‘Vulgar Colors’ Showcases Talent Across Multiple Platforms
When Cheeba Cruz returned to Brooklyn in April, she wanted to do something different.
“I like to throw parties, but I also wanted to launch a magazine and create a colorful experience,” Cruz said. “I play in a band, but it’s important to promote the music and art of others, and also help local businesses and the surrounding community.”
Many of us linger on thoughts like this from time to time, then either get overwhelmed or distracted. But the Houston native got to thinking: why couldn’t she do it all?
Now, with friends and collaborators, Cruz may be on her way: ‘Vulgar Colors,’ a loose-knit group of like-minded individuals, is tackling multiple genres with little regard for conventional definitions (and confines) for talent, media, and community activism.
Is it a part-time magazine, an event promoting company, a DIY production house, a community collective, or just a rag-tag group of artists, musicians, activists, and supporters? Call it what you want, but don’t expect those involved to wait around–or care–about your classification. They’re too busy making waves.
Last Wednesday, the group showcased live music and performances at the venue ‘Friends & Lovers’ in Crown Heights. Over the weekend, they hosted a school supply and tie dye event at the Bushwick Sculpture Garden. A southern-themed affair in August featured music and food from the Gulf Coast, while performances of band line ups and multiple DJ sets continue to be planned for nearly every Friday night at any neighborhood (and venue) that will have them.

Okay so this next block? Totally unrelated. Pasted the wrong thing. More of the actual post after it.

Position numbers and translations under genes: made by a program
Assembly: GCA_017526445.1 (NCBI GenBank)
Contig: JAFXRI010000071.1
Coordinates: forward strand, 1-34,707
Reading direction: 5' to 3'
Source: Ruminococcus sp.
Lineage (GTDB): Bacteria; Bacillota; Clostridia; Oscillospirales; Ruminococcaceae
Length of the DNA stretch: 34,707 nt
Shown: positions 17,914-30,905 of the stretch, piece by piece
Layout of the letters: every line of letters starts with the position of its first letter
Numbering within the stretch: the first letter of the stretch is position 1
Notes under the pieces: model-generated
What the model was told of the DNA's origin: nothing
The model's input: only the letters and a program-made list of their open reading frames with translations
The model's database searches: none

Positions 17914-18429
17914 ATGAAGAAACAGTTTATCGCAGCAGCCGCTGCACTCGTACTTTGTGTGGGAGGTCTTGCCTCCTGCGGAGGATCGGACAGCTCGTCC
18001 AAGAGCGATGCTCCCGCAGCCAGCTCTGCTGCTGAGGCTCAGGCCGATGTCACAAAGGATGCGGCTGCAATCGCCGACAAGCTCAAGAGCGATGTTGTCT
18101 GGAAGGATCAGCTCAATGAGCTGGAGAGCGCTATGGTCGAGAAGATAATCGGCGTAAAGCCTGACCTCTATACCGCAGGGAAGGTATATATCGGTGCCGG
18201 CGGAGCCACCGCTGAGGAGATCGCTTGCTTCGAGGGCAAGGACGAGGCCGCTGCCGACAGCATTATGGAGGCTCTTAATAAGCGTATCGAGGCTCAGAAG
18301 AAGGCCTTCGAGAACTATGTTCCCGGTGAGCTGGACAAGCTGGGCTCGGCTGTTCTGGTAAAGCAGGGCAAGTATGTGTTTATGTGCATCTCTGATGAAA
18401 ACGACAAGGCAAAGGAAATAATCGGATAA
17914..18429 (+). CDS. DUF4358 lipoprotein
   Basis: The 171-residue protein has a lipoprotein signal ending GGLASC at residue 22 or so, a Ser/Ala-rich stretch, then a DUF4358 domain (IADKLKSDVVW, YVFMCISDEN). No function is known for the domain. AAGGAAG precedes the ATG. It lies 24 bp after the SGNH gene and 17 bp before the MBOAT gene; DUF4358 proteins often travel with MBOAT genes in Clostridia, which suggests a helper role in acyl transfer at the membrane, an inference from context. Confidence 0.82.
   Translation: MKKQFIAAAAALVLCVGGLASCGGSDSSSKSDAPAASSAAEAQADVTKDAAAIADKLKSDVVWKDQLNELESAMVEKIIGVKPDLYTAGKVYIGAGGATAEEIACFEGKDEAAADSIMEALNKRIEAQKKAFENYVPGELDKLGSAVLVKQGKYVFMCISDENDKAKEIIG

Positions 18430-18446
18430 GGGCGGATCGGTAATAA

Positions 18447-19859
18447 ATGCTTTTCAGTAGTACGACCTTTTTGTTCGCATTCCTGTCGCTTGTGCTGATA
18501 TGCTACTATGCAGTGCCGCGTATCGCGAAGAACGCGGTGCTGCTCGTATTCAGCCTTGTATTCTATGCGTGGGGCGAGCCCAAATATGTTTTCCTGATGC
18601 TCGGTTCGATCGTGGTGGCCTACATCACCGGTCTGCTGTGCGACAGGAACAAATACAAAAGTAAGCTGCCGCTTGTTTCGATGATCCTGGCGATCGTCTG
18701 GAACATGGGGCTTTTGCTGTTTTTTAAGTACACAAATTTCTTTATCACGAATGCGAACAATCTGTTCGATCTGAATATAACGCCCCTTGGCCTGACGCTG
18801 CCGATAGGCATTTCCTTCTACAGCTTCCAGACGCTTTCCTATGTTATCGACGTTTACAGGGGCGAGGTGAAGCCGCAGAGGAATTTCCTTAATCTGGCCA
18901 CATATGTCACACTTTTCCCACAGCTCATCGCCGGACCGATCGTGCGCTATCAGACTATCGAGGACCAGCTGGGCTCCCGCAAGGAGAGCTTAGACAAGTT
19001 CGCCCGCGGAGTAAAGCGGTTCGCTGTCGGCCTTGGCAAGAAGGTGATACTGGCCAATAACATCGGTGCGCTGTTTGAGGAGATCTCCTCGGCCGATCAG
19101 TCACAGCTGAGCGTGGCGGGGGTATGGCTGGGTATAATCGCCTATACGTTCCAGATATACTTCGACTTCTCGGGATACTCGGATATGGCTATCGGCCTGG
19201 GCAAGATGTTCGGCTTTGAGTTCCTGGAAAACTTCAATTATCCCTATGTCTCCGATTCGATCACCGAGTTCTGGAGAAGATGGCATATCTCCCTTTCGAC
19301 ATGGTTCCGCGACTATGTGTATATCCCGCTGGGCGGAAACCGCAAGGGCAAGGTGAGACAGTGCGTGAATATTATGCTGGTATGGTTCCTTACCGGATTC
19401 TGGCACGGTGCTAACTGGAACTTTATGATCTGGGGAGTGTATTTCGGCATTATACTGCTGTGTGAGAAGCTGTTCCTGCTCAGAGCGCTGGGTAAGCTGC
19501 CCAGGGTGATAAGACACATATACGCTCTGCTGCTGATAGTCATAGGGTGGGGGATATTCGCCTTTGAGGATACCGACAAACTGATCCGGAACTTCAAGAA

While these events are a team effort, without a doubt it is Ms. Cruz, Vulgar Colors’ “creator and curator,” who serves as impresario.
“More than anything I wanted to create a ‘brand’ that would speak to originality and authenticity,” Cruz said. “Whether it’s music, art, events, gardening, or giving away free clothes, it should be done in a genuine way, with a focus on bringing people together.”
A self-styled artist, writer and musician, Cruz grew up playing piano and later ventured to the bass, which she found more naturally part of her rhythm (as opposed to the guitar). At events, she’ll occasionally join the musicians on stage to play one of the instruments. In similar vain, other members may lend a venue space, like a dance studio they operate from, to make an event happen.
The group designs their own event flyers and considers their creation (and placement) to be as much as a performance as the gatherings they advertise. And while they have thus far have relied on venues throughout Bushwick and Crown Heights, the mission is to ultimately reach wider and embrace any location (or idea) that shares their spirit, and simple, straightforward mission.
“The goal is to make people feel welcome, and happy,” Cruz said.